You just want cruelty to beget cruelty. You’re not superior to people who were cruel to you; you’re just a whole bunch of new cruel people. A whole bunch of new cruel people being cruel to other people who will end up being cruel to you. The only way anyone can live in peace is if they’re prepared to forgive. Why don’t you break the cycle? […] What is it that you actually want? War? And when this war is over, when you have a homeland free from humans, what do you think it’s going to be like? Do you know? Have you thought about it? Have you given it any consideration? Because you’re very close to getting what you want. What’s it going to be like? Paint me a picture. Are you going to live in houses? Do you want people to go to work? Will there be holidays? Will there be music? Do you think people will be allowed to play violins? Who’s going to make the violins? Well? Oh, you don’t actually know do you? Because, like every other tantrumming child in history, you don’t actually know what you want. So, let me ask you a question about this brave new world of yours. When you’ve killed all the bad guys, and when it’s all perfect and just and fair, when you have finally got it exactly the way you want it, what are you going to do with the people like you? The troublemakers. How are you going to protect your glorious revolution from the next one? Maybe you will win, but nobody wins for long. The wheel just keeps turning. So come on, break the cycle. [….] Because it’s always the same. When you fire that first shot, no matter how right you feel, you have no idea who’s going to die! You don’t know whose children are going to scream and burn! How many hearts will be broken! How many lives shattered! How much blood will spill until everybody does what they were always going to have to do from the very beginning – sit down and talk!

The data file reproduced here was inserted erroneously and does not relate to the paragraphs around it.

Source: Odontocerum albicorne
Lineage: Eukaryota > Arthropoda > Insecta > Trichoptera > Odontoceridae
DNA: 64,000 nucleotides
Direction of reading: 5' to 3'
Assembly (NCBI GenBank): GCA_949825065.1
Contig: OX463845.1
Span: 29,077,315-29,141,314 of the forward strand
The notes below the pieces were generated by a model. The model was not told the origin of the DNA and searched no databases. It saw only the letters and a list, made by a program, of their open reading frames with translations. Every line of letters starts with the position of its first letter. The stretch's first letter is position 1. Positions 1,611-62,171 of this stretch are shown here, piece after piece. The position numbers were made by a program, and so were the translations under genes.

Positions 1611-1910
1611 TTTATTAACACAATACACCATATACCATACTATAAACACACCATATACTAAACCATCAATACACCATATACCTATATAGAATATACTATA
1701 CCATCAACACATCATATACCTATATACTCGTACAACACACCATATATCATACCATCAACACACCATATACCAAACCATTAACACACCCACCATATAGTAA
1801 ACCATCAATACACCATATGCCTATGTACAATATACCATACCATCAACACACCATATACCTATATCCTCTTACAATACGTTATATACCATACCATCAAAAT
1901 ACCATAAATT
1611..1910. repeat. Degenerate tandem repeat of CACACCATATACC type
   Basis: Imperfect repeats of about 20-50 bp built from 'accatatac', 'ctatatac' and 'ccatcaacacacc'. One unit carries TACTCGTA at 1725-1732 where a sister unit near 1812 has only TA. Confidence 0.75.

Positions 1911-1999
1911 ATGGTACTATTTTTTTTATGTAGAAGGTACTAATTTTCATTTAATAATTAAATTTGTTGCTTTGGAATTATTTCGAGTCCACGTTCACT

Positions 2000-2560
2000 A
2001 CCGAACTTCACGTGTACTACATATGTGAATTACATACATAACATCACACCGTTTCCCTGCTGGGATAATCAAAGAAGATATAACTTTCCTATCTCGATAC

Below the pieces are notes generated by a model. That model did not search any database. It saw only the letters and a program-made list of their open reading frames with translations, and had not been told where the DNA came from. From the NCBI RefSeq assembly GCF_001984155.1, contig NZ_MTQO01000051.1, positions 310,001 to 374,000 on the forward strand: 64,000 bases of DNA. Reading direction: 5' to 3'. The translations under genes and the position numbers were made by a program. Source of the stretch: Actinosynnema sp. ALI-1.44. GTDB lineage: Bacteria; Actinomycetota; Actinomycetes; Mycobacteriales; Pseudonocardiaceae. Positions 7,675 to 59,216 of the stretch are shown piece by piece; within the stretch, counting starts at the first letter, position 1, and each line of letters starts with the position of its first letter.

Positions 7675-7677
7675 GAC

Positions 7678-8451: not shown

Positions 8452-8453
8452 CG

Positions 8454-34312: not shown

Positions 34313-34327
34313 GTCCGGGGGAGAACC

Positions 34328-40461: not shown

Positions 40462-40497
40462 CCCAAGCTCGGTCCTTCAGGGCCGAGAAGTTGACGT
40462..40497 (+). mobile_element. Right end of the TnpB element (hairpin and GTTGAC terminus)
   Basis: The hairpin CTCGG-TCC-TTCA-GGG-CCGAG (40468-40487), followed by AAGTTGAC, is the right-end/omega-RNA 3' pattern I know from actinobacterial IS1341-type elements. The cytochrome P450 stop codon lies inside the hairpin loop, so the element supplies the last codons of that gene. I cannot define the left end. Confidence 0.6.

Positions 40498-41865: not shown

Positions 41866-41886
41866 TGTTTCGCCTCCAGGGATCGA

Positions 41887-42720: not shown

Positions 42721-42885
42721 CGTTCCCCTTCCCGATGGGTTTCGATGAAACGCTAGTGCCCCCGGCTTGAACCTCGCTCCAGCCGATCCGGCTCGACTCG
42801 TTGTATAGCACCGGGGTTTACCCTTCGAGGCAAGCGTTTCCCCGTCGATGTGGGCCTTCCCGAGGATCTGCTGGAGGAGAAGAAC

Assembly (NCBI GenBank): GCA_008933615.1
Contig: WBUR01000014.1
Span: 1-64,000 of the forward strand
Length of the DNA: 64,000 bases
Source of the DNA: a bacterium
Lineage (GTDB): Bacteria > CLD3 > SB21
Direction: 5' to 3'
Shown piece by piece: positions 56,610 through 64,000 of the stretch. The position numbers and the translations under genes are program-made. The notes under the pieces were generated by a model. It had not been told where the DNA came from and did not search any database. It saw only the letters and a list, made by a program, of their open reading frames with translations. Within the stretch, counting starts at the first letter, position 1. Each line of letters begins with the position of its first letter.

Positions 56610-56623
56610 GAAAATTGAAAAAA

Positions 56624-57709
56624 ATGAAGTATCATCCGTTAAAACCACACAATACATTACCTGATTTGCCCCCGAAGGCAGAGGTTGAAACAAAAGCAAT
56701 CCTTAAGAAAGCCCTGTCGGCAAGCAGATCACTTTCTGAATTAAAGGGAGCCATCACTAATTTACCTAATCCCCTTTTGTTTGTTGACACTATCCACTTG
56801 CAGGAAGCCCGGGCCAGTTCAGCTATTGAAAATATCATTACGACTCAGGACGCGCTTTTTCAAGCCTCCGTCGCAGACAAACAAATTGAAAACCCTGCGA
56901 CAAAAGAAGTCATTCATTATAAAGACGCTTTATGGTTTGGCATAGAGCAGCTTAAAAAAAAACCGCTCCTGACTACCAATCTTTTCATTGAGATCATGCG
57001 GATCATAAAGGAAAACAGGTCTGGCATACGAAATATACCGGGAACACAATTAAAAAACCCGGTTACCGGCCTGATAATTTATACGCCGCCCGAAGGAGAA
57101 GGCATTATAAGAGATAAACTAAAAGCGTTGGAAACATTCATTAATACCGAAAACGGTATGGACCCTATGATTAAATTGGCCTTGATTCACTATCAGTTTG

One of the best and most beautiful monologues from Doctor Who.
My father picked me up from school one day, and we played hooky and went to the beach.
It was too cold to go in the water, so we sat on a blanket and ate pizza.
When I got home, my sneakers were full of sand, and I dumped it on my bedroom floor.
I didn’t know the difference.
I was six.
My mother screamed at me for the mess, but he wasn’t mad.
He said that billions of years ago, the world shifting and the oceans moving brought that sand to that spot on the beach, and then I took it away.
“Every day,” he said, “we change the world,” which is a nice thought until I think about how many days and lifetimes I would need to bring a shoe full of sand home until there is no beach, until it made a difference to anyone.
Every day, we change the world, but to change the world in a way that means anything, that takes more time than most people have.
It never happens all at once.
We don’t all have the stomach for it.